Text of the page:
Tuesday, December 2, 2008

Recession: More Alcohol, Less Sex

By: Shannon Proudfoot, Canwest News Service

Recession: More alcohol, less sex

And while you're at it, turn up those tear-stained ballads
Less sex, more depression, and heartfelt ballads topping the charts are likely to be among the side-effects of the slumping economy, researchers say.

From our health to our grocery habits and pop culture penchants, the recessionary ripples can spread far beyond our bank accounts. "If you hear that GM may be in trouble, the big banks are in trouble, it's a bit of a group panic situation," says Remi Quirion, scientific director for the Canadian Institutes of Health Research. The emotional toll depends on how long a downturn lasts but can be a major burden for people already at risk for depression or anxiety, he says, and research suggests suicide rates rise, though he stresses that's a rare extreme reaction. Others may try to soothe their nerves with alcohol, Quirion says, while marital problems may spike because couples are stressed about money or falling prey to cabin fever when a tightened budget keeps them at home and on each other's nerves.

"Weakening your immune system when you have stress or anxiety or depression due to job insecurity can have an effect on multiple diseases, from the chances of having the flu to the speed of progression of cancer to cardiovascular disease," says Dr. Carles Muntaner, a professor of nursing at the University of Toronto. Sex therapist Dr. Ruth Westheimer recently predicted in a Forbes magazine column that "this economic tsunami is going to have a negative effect not only in the boardroom but in the bedroom too." The economic crisis is even trickling down to the extramarital companions of wealthy individuals. Twelve per cent have given up their opposite-sex lovers "for financial reasons" in the past six months, according to a survey of 191 people worth at least $20 million, but that breaks down to 10.4 per cent of wealthy men and just 1.6 per cent of women.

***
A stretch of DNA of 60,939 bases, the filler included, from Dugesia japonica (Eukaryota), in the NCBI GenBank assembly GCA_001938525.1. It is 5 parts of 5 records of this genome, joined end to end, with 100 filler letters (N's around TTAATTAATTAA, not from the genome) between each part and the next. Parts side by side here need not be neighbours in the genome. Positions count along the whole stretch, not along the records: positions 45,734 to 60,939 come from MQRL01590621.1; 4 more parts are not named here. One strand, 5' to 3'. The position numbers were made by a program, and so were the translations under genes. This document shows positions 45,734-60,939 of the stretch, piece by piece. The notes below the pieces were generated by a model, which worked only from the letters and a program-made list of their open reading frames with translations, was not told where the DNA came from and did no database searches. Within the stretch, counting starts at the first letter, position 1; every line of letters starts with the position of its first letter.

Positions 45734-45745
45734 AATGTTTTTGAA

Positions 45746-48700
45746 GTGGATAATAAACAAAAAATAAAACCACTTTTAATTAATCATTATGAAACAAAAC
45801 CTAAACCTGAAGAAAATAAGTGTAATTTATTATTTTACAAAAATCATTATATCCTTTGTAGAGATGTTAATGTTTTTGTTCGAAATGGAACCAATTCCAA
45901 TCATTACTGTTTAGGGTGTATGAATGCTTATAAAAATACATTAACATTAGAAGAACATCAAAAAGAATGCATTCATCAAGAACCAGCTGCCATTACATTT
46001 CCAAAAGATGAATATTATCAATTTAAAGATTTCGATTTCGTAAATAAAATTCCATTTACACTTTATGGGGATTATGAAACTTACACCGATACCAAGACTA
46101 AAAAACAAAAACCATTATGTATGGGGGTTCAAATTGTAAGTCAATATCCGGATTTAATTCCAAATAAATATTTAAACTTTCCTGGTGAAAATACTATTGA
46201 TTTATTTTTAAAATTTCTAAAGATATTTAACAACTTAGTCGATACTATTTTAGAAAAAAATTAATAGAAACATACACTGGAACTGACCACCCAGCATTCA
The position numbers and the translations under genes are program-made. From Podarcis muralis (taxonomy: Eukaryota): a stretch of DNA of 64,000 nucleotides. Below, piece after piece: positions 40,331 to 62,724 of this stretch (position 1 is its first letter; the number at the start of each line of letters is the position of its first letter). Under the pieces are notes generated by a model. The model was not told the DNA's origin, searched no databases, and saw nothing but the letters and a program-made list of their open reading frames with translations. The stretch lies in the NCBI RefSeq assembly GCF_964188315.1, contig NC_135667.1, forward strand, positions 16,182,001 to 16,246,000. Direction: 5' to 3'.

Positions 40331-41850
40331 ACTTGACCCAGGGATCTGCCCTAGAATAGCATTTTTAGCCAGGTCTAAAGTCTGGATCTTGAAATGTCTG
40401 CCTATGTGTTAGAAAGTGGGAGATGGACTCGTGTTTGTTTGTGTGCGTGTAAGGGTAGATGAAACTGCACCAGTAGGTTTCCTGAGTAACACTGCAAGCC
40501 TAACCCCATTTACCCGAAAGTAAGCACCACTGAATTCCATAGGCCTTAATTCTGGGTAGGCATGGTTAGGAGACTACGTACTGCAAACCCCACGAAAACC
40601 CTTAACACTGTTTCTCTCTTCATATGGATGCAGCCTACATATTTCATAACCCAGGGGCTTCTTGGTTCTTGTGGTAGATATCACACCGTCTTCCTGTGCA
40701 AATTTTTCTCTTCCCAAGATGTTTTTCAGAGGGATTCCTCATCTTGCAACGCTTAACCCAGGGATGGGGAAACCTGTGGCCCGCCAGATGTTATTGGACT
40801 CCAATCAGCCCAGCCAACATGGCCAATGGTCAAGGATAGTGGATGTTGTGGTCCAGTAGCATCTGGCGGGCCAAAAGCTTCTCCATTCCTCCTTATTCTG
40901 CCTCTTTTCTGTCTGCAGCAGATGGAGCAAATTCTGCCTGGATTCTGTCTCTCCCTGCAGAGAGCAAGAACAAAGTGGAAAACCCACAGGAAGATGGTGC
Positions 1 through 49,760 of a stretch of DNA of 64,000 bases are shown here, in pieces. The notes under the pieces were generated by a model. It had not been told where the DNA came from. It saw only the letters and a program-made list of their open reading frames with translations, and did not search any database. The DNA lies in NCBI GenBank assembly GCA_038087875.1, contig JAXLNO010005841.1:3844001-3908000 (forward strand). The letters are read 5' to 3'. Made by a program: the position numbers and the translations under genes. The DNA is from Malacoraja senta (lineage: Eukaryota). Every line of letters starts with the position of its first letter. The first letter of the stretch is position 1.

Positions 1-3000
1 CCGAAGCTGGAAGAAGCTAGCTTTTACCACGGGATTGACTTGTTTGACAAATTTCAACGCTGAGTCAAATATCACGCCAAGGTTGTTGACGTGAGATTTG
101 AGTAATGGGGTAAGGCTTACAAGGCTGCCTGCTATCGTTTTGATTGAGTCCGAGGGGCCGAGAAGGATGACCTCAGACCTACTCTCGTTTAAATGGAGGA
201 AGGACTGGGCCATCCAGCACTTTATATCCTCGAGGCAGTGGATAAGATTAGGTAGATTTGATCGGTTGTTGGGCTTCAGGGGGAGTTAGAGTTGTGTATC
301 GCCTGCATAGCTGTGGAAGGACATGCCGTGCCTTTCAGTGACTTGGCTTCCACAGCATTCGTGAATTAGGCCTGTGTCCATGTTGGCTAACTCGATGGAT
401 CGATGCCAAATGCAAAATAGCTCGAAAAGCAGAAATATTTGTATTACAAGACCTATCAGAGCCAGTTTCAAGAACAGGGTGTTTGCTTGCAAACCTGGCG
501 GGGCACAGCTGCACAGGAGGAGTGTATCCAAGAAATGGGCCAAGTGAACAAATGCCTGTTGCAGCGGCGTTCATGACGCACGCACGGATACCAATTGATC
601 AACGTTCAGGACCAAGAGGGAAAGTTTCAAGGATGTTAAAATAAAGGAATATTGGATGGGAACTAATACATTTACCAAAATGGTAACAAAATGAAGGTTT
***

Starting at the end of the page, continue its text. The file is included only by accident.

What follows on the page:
Based on previous buying habits, Nielsen research firm has deemed carbonated beverages, eggs, cups and plates and tobacco are most likely to be trimmed from household budgets, while dry pasta, candy, beer and pasta sauces are considered "recession-proof." Hormel Foods says it has cranked up production of low-cost canned goods like Spam, canned stew and chili in anticipation of doing brisk business while families try to trim their grocery bills. Pop culture tastes also ebb and flow with the economy in intriguing ways. In studying more than 60 years of Hollywood starlets, Terry F. Pettijohn II, a psychology professor at Coastal Carolina University, found that actresses with mature features such as smaller eyes, thinner faces and stronger chins, were most popular during bad spells, while baby-faced stars fare best in buoyant times.

Rita Hayworth had a recession-friendly face, he says, while Bette Davis's features lent themselves to boom times.
He found a similar pattern among Playboy Playmates of the Year, and also found they tend to be slightly taller, heavier and older in bad times than in good. "We're looking for individuals that have these traits of strength and maturity and we're looking for individuals who would be able to help us out through the difficult times," Pettijohn says. His study of Billboard hits between 1955 and 2003, meanwhile, reveals that in shaky times, slower, more meaningful and romantic songs like Bridge Over Troubled Water and That's What Friends Are For are favoured, while party-friendly dance tunes like 1958's At the Hop or 50 Cent's more recent In Da Club, released in late 2002, top the charts when the economy is hot. Other research suggests people gravitate toward serious-issue TV shows during a recession, he says, but there are always anomalies. "There's going to be times even within a turbulent economy that we're going to want to escape or want to celebrate something good that happens briefly," he says.

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